Advisory Committee Chair
Advisory Committee Members
Date of Award
Degree Name by School
Master of Arts (MA) College of Arts and Sciences
Obesity is associated with executive function (EF) deficits across the lifespan. Higher body mass index (BMI), greater severity of obesity, and poorer adherence and weight outcomes in obesity treatment have all been associated with EF deficits. Adult literature has begun to emphasize neuroinflammation in obesity as a possible pathway to later cognitive impairment. However, the pediatric obesity literature has yet to even establish associations between peripheral inflammation and EF. Thus, the present study aimed to examine associations and variability in inflammatory biomarkers, EF, and adiposity in children with or at risk for obesity. Additionally, inflammation was examined as a mechanism of the relationship between adiposity and EF. Results demonstrated mixed effects, with several significant associations found that suggest increased adiposity is associated with increased inflammation, which in turn is associated with poorer EF. Further, several analyses suggested that inflammation explains the relation between adiposity and EF, although results were mixed. With replication, these findings will inform future efforts to identify and target children at risk for obesity-related chronic illnesses by elucidating novel treatment targets. Further, results provide foundational evidence for future efforts to establish comprehensive psychoneuroimmunologic models of pediatricobesity.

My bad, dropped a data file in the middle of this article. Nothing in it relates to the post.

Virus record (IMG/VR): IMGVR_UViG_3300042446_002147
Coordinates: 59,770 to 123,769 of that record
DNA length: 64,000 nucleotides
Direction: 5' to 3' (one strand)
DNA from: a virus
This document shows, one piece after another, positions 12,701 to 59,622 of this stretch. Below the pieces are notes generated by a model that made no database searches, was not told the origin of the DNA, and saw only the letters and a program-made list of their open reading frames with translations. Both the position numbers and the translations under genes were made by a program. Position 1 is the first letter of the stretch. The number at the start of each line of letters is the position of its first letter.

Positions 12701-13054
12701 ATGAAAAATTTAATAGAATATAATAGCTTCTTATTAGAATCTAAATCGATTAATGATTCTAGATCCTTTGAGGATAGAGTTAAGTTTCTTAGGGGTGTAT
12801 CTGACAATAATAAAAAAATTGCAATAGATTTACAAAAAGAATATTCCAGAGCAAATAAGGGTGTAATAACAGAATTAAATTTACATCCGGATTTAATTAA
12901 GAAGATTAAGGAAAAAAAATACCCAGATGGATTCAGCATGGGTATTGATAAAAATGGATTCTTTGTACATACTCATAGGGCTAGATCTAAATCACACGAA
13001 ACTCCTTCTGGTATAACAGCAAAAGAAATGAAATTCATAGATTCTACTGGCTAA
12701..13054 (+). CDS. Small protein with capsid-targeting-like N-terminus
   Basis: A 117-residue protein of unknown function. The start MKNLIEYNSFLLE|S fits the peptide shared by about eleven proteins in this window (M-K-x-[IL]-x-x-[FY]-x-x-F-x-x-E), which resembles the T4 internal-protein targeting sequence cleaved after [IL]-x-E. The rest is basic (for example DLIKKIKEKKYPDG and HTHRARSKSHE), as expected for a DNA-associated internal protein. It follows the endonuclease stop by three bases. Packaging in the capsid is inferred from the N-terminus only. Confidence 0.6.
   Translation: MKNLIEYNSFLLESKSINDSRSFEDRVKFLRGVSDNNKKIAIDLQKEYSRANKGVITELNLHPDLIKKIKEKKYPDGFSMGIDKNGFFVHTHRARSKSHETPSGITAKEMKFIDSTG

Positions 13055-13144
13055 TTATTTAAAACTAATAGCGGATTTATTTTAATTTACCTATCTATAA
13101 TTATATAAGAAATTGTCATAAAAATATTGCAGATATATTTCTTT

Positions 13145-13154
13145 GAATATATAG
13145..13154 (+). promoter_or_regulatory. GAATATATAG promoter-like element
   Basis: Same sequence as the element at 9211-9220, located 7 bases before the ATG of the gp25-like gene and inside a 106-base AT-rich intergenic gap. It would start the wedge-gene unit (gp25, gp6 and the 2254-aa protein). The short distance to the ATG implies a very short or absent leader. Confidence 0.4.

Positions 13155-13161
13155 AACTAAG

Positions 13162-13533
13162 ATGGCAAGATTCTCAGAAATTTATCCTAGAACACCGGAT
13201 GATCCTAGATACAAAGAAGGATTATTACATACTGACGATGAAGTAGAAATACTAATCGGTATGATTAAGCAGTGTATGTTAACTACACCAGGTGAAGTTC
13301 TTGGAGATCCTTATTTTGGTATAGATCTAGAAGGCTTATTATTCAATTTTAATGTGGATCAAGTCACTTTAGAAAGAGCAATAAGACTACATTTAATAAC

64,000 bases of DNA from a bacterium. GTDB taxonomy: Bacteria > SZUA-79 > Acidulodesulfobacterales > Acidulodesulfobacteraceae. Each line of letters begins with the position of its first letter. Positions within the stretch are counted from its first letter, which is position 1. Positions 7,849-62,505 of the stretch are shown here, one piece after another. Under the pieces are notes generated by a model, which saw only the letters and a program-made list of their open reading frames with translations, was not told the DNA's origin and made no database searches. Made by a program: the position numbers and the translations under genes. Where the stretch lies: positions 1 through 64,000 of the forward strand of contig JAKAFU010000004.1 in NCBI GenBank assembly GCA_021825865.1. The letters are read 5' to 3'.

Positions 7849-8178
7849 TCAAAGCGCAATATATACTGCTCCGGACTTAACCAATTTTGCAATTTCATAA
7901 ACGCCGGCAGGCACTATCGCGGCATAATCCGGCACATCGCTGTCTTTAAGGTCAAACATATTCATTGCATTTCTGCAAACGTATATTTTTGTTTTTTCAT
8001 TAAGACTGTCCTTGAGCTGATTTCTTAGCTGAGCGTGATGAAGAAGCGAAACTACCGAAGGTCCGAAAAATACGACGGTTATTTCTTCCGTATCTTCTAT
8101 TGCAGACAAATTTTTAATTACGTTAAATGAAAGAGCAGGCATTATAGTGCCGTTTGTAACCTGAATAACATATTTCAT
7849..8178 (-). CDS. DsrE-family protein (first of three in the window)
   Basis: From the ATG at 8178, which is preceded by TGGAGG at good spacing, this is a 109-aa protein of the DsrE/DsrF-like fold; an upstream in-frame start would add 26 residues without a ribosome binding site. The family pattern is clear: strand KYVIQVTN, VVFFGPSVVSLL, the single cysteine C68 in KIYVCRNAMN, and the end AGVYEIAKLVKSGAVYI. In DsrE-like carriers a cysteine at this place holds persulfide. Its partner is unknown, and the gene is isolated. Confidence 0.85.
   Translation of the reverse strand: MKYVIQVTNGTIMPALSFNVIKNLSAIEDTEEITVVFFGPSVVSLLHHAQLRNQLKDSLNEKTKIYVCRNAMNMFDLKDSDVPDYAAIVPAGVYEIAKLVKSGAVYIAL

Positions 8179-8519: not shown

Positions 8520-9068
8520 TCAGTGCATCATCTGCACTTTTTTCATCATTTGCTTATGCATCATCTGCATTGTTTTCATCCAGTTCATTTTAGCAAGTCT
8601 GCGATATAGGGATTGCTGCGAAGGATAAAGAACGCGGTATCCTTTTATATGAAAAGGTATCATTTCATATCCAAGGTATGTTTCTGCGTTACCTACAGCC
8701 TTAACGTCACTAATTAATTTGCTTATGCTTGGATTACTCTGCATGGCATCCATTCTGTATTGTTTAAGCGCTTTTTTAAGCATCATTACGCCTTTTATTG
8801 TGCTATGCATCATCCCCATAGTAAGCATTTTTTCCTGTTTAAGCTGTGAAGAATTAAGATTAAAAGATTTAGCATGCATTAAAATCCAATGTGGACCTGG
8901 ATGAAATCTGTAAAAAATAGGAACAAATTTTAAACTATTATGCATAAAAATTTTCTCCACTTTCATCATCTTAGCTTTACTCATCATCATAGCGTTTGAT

Prendergast, Kathryn L., "Inflammation, Executive Function, And Adiposity In Children With Or At Risk For Obesity" (2021). All ETDs from UAB. 893.